War as an Instrument of Policy examines the principles of war and how they may apply to the method of decision making in the higher realms of government when military and civilian leaders meet. It begins with an exploration of the emergence of a new kind of limited war beginning with the Vietnam conflict and discusses the principles of war along with typical military theory and strategy to clearly provide an understanding of the thought processes and actions behind the conducting of a war. Two contemporary examples, the Gulf War in 1990 and the South African invasion of Angola in 1987, provide the opportunity to examine the process of military decision-making on every level in these conflicts. Finally, methods of successfully and carefully employing a military methodology of decision making to capitalize on the success of war are suggested.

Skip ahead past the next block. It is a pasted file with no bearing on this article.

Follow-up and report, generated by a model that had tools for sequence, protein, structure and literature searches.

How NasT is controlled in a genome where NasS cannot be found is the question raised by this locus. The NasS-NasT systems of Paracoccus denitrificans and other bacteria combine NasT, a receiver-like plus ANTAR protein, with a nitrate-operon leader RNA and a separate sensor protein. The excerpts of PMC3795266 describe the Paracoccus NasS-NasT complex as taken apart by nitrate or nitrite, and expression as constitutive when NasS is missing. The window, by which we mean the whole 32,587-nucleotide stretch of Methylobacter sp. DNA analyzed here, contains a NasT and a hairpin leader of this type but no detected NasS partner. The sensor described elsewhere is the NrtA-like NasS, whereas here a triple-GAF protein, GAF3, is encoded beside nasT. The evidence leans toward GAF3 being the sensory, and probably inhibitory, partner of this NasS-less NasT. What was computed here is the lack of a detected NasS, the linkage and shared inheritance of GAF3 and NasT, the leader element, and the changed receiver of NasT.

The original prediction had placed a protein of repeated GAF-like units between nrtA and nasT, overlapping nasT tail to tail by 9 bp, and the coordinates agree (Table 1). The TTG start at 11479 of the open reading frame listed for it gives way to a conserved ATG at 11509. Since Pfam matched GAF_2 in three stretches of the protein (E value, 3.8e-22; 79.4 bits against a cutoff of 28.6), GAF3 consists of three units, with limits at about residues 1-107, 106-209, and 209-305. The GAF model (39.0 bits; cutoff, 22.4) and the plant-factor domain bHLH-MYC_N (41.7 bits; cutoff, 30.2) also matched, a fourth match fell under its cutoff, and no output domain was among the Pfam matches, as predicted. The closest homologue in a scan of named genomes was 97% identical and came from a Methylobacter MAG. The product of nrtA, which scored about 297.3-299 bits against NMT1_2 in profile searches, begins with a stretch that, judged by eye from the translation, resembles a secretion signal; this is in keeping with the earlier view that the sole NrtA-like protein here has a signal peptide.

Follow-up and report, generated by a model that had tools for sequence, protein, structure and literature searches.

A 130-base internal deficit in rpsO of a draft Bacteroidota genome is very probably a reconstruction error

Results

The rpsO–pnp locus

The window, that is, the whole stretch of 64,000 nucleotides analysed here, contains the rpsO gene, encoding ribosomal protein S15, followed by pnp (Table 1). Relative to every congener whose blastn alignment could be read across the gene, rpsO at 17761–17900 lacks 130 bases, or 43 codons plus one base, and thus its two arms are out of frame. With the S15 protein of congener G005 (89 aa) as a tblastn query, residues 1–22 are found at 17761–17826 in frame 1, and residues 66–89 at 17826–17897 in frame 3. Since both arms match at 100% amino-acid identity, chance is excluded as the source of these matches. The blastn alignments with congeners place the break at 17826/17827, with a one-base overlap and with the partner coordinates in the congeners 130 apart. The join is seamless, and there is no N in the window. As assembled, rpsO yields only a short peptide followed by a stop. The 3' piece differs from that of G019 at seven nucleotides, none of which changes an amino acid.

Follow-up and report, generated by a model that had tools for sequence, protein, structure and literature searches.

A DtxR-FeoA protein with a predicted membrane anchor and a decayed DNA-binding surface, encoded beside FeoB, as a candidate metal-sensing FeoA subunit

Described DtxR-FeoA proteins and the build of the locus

David V. Nowlin recently retired after thirty years in the Air Force which included service on the faculty of the Industrial College of the Armed Forces and as professor at the Air War College. Ronald J. Stupak is Dean and Distinguished Faculty Research Scholar of Management at Mt. Vernon's College for Effective Organizational leadership.